As Steve Jobs announced the iPad 2 at the Yerba Buena Centre for Arts, San Francisco the event was being beamed around the world to the BBC centre, where we managed to get a hands-on test of the new device. Meanwhile our colleagues in the US were also experiencing the iPad 2 in physical form at the event. Here are our first impressions:

Smart appearance

The most striking, and noticeable new feature, is the new Smart Cover. While a cover may not sound like the most obvious thing to get excited about, we were impressed by how quick and easy it was to attach and detach using magnets (that quickly align into position - no more fiddling). Another cool feature is that the cover switches on the iPad when you open it, and switches it off when you close it.

The new Smart Covers switch on the iPad as soon as you open them.

The new Smart Covers switch on the iPad as soon as you open them. 

That's cool, but even cooler is what happens when you peel the Smart Cover back and disengage that magnetic clasp: the iPad 2 automatically wakes back up, bypassing the lock screen in the process. (There's an option in the Settings app to turn this feature off.)

The Smart Cover itself is a rectangle exactly the size and shape of the iPad's screen, folded in four parts. The side that faces inward is made of soft microfibre cloth; the outside is either leather or polyurethane in one of five colours each. As with Apple's case for the original iPad, the Smart Cover can be folded up to provide a gentle incline for typing, or flipped around to make a stand for watching video. In this latter regard, it's vastly superior to the case for the original iPad, which always felt a little bit wobbly in this configuration.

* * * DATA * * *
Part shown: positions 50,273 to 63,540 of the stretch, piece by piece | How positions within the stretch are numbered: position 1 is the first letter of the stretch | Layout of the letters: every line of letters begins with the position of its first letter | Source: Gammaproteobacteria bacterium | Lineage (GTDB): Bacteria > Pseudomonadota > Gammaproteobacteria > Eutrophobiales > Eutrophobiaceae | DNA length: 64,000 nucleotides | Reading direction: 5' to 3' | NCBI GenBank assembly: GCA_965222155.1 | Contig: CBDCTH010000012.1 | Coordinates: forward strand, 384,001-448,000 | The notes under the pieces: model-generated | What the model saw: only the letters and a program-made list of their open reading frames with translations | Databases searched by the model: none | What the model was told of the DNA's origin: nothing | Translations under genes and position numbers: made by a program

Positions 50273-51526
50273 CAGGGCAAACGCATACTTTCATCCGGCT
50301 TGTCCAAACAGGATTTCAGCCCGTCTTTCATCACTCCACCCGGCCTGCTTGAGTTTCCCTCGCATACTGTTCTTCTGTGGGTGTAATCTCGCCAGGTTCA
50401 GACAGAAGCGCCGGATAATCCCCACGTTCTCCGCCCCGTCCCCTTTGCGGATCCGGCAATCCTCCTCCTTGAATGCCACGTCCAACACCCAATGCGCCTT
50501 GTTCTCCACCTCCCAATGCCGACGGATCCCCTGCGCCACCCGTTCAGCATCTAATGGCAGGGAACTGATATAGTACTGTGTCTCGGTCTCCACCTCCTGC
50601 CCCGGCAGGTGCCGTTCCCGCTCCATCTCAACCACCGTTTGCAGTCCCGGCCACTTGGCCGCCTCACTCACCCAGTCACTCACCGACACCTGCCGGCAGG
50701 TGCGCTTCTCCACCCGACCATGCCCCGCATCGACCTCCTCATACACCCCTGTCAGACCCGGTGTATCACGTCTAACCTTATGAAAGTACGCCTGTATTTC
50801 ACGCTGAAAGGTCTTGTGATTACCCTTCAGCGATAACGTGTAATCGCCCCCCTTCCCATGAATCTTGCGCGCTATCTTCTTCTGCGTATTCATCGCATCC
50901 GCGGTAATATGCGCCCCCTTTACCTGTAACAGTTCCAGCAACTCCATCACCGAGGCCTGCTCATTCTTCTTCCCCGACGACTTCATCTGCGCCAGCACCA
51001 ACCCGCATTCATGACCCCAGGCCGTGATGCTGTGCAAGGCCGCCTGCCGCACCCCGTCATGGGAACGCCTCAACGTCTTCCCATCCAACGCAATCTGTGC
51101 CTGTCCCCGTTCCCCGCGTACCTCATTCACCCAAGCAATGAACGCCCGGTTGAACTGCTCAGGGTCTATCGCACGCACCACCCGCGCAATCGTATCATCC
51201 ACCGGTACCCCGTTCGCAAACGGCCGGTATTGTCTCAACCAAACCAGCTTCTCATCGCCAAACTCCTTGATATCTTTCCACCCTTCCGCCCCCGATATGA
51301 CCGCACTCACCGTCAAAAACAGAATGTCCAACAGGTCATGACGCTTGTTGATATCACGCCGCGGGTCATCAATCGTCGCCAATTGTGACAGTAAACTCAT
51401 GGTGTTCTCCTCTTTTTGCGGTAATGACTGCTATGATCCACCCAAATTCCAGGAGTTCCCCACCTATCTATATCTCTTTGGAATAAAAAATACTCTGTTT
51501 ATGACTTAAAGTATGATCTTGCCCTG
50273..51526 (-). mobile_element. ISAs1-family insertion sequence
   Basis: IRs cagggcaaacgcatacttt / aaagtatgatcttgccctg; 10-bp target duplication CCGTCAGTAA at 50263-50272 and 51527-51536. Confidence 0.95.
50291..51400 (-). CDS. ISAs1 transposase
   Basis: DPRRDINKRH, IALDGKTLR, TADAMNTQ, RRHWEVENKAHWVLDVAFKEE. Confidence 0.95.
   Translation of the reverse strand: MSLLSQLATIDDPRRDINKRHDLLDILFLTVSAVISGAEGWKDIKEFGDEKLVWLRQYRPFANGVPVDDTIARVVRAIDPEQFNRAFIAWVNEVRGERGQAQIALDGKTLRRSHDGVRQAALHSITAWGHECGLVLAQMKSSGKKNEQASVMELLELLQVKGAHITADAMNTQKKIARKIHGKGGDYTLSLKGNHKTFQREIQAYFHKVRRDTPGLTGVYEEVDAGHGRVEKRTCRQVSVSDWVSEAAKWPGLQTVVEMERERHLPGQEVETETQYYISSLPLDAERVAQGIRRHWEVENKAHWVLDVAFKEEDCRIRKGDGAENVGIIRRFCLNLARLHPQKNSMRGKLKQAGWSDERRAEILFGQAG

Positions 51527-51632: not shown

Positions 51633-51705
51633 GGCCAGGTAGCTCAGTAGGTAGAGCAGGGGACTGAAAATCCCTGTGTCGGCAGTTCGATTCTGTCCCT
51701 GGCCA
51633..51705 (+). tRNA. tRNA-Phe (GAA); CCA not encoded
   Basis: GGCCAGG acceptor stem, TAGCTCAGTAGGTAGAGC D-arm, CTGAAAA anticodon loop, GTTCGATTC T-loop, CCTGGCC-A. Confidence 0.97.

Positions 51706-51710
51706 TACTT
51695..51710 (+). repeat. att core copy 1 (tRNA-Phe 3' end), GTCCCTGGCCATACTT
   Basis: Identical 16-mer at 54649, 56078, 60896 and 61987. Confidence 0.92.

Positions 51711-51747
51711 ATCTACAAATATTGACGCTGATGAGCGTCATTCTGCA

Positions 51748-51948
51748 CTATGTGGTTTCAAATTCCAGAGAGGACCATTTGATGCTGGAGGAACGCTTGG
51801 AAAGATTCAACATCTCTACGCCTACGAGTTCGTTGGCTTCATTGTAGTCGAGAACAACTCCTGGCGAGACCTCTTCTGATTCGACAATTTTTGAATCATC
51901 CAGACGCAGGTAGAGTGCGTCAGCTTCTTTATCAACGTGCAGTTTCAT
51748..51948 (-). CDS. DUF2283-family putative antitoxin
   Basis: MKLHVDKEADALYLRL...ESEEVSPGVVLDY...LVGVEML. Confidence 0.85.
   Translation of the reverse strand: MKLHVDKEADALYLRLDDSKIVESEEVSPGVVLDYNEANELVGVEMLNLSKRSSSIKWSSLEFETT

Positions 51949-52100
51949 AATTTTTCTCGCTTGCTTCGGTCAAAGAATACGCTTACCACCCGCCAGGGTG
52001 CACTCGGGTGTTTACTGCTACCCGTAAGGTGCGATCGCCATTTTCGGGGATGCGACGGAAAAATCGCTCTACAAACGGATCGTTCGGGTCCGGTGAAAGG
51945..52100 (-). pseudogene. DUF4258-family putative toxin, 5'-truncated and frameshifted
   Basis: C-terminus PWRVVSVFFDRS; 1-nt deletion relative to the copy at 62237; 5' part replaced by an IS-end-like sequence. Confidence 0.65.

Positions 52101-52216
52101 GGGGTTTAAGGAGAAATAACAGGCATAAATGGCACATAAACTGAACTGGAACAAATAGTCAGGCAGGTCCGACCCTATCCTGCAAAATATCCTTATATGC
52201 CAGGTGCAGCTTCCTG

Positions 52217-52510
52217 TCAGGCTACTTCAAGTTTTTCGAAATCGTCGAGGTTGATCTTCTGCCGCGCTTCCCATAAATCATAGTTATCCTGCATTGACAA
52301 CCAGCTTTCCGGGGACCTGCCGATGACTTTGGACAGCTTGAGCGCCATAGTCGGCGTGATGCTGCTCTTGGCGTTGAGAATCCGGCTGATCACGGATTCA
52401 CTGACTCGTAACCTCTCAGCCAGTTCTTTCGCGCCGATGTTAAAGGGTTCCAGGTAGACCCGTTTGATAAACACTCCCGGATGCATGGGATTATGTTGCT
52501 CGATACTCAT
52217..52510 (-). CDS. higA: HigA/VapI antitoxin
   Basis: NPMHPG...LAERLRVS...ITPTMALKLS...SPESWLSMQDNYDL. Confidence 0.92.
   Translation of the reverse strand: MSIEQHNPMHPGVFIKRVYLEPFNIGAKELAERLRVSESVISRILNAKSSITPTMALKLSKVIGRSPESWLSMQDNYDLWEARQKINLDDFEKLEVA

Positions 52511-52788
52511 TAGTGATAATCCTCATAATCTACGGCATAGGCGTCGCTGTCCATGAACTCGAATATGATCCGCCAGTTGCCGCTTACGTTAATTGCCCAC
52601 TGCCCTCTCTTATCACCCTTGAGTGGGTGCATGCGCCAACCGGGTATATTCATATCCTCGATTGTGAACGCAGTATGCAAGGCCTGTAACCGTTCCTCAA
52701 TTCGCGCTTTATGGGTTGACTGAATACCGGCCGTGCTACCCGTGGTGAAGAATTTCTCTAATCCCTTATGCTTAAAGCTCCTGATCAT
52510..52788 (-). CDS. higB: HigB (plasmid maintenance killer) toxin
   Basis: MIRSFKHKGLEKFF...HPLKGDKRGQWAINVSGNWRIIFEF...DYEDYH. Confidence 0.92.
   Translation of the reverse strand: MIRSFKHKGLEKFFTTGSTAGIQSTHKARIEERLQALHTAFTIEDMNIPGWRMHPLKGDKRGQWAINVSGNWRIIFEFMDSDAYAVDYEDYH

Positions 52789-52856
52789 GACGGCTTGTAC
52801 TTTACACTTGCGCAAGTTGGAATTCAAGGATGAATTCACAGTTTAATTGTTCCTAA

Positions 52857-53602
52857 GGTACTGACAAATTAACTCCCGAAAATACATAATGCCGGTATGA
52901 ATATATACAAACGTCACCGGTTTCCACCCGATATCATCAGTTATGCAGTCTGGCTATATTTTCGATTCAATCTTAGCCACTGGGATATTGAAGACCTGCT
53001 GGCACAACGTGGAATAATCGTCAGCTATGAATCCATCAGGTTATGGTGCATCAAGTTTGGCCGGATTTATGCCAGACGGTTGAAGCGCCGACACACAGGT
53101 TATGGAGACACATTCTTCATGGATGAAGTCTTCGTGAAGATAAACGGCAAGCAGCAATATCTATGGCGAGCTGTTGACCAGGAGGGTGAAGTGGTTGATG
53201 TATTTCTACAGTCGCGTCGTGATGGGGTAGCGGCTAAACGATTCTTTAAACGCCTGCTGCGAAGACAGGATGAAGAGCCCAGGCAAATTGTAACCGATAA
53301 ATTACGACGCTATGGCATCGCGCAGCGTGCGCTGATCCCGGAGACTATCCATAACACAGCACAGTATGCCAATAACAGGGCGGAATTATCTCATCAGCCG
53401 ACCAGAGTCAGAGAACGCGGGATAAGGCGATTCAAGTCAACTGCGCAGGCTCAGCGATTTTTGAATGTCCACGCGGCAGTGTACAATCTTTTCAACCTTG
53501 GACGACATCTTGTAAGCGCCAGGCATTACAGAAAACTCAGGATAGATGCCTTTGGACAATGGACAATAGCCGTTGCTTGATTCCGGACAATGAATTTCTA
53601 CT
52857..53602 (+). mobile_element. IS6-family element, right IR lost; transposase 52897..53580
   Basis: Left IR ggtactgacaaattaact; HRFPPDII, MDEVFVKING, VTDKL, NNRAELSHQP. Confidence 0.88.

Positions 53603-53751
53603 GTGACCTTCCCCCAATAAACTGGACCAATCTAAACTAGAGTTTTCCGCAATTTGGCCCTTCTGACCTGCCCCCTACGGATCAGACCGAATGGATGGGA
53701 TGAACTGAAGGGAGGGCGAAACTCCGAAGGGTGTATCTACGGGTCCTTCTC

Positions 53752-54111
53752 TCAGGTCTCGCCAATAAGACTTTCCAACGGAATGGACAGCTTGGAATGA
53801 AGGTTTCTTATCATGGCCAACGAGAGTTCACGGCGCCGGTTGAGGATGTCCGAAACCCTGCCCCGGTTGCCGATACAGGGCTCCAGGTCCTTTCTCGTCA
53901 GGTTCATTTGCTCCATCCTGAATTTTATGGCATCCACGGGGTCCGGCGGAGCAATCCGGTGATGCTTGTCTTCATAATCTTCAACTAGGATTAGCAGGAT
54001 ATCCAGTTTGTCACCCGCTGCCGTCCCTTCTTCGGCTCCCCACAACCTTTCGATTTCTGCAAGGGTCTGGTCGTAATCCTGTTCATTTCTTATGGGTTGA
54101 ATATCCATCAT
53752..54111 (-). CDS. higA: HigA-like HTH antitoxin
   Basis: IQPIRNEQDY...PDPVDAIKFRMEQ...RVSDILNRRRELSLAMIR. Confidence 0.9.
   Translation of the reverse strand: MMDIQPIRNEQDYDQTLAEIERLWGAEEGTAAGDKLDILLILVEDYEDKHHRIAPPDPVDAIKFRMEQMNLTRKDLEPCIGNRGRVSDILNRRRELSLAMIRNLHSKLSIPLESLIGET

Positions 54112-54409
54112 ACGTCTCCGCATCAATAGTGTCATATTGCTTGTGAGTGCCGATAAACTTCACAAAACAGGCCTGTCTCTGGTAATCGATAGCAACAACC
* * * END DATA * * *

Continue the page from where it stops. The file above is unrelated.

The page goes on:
One Apple representative referred to attaching the Smart Cover as a foolproof operation, but we proved him wrong by failing to do it the first couple times we tried. After we figured out how it worked, it all went smoothly. It's also great to hold an iPad in a range of colours, and the white model with a Smart Cover looks much more stylish than the black original.

Slimmed down

We were also struck by how much lighter and thinner the new iPad 2 is. Nobody would accuse the original of being a fatty, but our side-by-side comparison photos show just how much thinner the new iPad is. It also has the tapered edge from the iPod touch, which gives it the same visual effect of looking smaller than it is. Visually it appears smaller than the iPad, although it has the same large screen and bezel.

Putting the iPad 2 next to our original iPad shows just how much thinner the new model is compared to the original.

Putting the iPad 2 next to our original iPad shows just how much thinner the new model is compared to the original.

In terms of materials, the iPad 2 and the iPad are cut from the same cloth (figuratively speaking): There's a glass front and an aluminum back. The device still seems solid, though palpably thinner. The big difference when looking at it from the front is that you can't see the edge of the aluminum frame, which is quite noticeable around the edge of the original iPad when viewed from the front.

Weighing in at 590 grams (down from 680g) it's also much more comfortable to hold. The original iPad was one of the most solid pieces of hardware we've seen from Apple, but the combination of its weight, thickness, and the curve of its backplate made it a bit hard to hold - and made a case pretty much necessary.

It's much more comfortable to hold the iPad 2 in one hand. The slight decrease in weight helps, no doubt, but it's also the thinness - and most notably the tapered edge.